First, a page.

We travelled to Bendigo last Saturday for the Chrysler show that was to be held in Bendigo near the town hall.
I am in a wheelchair and booked a taxi from the All Seasons Motel on McIvor Highway for 7.40am on Sunday. The taxi never arrived. After calling them I was told they had "no taxis in the area".
At 8am I decided to travel into town by wheelchair, not knowing the area and on my own, with a $3000 camera set up on my wheelchair.
I was fearful of what could happen, but had no choice. I arrived safely and at 10am I got a phone call from a taxi driver saying they would be at the All Seasons in 10 minutes.
Rural towns are screaming out for tourism and people to spend their money, yet when you try to do something to help, you are confronted with a pathetic transport system, which could have ruined the whole weekend.
I know I won't be using public transport in Bendigo ever again. Not only that, I am thinking I won't go back.
I think I spent about $1000 over the weekend in your city.
Don't expect to be back - especially if more wheelchair users are treated this way. I can only say Bendigo is not wheelchair-friendly.
I am very disappointed that the old police cells behind the new GovHub have now been demolished. Surely they should have been heritage-listed?
I write to thank your community for their interest and input to our annual Stroke Awards, which celebrate Australians for their care, courage, and achievements in this important field.
This year, the winner of the Courage Award left barely a dry eye in the house. The resilience shown by Victorian Nicole Gallacher, who had a stillborn baby after her stroke in November 2020, was amazing to see. What made her accomplishment even more special is that she was joined on stage by her husband Dave, who nominated her for the award, and their newborn baby Angus, who was named after the neurosurgeons who saved her life.
Other 2023 Stroke Award winners include the inspirational young Noah Barlow who couldn't attend the event, as he was in hospital. The 13-year-old Victorian was honoured for his tireless efforts in lobbying for accessible playgrounds at his primary school and playground. A survivor of nine strokes and a huge Star Wars fan, I was among a group of Stroke Foundation representatives who were lucky enough to hand-deliver Noah's award to him, along with Darth Vader, Stormtroopers and Princess Leia herself. That was a moment Noah and I won't forget.
We also had the pleasure of recognising Queensland's Douglas Hemming with a Creative Award. Doug found art after his life-changing stroke. He had worked as a teacher for five decades, right up until the day before his stroke in May 2021.
The very personal stories of Nicole, Noah and Douglas were just a few of the awe-inspiring experiences we got to share in during our annual awards ceremony. They show courage, hope, resilience and are such a strong reminder of why we do what we do at the Stroke Foundation.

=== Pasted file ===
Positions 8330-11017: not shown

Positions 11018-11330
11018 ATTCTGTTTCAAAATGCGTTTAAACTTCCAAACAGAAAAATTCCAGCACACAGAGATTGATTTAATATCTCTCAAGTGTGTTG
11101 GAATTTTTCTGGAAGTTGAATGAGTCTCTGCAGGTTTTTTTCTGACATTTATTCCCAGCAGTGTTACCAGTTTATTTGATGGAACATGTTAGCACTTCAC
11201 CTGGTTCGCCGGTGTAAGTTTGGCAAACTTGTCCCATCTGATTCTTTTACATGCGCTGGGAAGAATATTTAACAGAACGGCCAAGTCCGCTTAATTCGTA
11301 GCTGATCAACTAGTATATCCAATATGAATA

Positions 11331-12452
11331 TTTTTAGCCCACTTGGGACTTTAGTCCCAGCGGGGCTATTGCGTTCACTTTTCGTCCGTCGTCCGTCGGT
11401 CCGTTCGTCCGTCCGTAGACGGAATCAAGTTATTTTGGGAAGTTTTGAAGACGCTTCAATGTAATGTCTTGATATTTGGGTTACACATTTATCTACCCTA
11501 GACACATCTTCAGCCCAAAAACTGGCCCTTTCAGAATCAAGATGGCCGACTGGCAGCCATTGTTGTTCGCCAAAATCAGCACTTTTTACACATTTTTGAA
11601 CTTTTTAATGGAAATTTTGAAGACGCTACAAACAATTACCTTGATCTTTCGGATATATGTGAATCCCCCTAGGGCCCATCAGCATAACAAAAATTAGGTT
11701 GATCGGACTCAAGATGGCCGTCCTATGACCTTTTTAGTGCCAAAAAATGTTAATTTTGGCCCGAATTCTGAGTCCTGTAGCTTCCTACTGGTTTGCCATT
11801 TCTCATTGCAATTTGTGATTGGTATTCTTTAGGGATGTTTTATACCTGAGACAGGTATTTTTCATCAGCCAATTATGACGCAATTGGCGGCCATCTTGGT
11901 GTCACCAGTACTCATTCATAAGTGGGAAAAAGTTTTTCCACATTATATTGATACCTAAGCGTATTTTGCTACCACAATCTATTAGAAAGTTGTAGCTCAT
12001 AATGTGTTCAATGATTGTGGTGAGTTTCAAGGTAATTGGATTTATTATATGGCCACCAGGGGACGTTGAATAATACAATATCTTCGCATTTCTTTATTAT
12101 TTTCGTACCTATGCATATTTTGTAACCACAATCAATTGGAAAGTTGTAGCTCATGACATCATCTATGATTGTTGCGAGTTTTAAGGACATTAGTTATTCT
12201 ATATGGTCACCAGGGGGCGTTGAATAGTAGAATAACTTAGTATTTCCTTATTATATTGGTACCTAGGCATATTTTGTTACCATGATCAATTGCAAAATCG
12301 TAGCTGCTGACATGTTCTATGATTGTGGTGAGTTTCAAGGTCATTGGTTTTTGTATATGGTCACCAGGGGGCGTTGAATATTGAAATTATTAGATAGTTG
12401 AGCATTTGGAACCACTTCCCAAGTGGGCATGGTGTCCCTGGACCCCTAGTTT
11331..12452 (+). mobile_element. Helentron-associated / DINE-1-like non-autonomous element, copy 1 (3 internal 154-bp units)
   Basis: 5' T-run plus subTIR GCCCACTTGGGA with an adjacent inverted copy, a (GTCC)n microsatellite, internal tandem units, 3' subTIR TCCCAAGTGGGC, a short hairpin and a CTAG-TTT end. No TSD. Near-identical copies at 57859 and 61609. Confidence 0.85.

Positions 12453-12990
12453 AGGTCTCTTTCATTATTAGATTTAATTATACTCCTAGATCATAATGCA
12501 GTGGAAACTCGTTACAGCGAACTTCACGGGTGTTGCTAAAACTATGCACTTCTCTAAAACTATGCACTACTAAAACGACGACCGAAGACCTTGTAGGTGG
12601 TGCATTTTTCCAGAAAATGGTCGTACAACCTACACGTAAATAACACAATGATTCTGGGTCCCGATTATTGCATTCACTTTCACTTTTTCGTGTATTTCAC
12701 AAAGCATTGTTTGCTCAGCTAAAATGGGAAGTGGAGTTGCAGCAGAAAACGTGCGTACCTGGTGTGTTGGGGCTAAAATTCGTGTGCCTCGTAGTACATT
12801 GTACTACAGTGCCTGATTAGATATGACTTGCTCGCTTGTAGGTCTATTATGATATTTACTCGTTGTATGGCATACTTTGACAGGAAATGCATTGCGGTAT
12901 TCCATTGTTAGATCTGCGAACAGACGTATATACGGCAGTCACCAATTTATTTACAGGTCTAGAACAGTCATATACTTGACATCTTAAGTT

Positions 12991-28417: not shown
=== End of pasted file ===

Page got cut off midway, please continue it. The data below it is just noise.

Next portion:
Nominees came from across Australia and all walks of life. It is always a joy to read their stories and meet the finalists at the event.
There are 445,000 Australians living with the impact of stroke. That means there are people in every community who know exactly why stroke, awareness, treatment and recovery is so important, and the people who support those critical services are our heroes.
I hope to hear more stories of tenacity and achievements in our 2024 Stroke Awards, so please consider submitting a nomination to recognise and celebrate the people in your community.
Australia's 80,000 disused and abandoned mines have enormous potential for nearby communities.
These range from rehabilitated pits converted to recreational lakes to sources of critical minerals and renewable energy.
The Genex pumped-hydro project in northern Queensland for example will generate up to 900 jobs and store its water in two pits of the old Kidston goldmine.
It has a storage/generation capacity of 250MW for eight hours (2000MWh) and will ramp up in less than 30 seconds.
A second example of long-term storage is Broken Hill's underground Compressed Air Energy Storage (CAES) system being built for Transgrid by Canadian company Hydrostor.
The air is stored in purpose-built caverns and, when needed, is released to spin a turbine.
When completed, it will be the world's biggest CAES facility and provide at least eight hours of storage.
Another exciting use of old mine sites is the recovery of critical and rare metals from tailings dumps.
Critical metals are vital for clean energy and advanced technologies like smartphones, computers, solar panels, batteries and electric vehicles. Re-using and rehabilitating old mine sites could well be the next "mining boom" in regional Australia.
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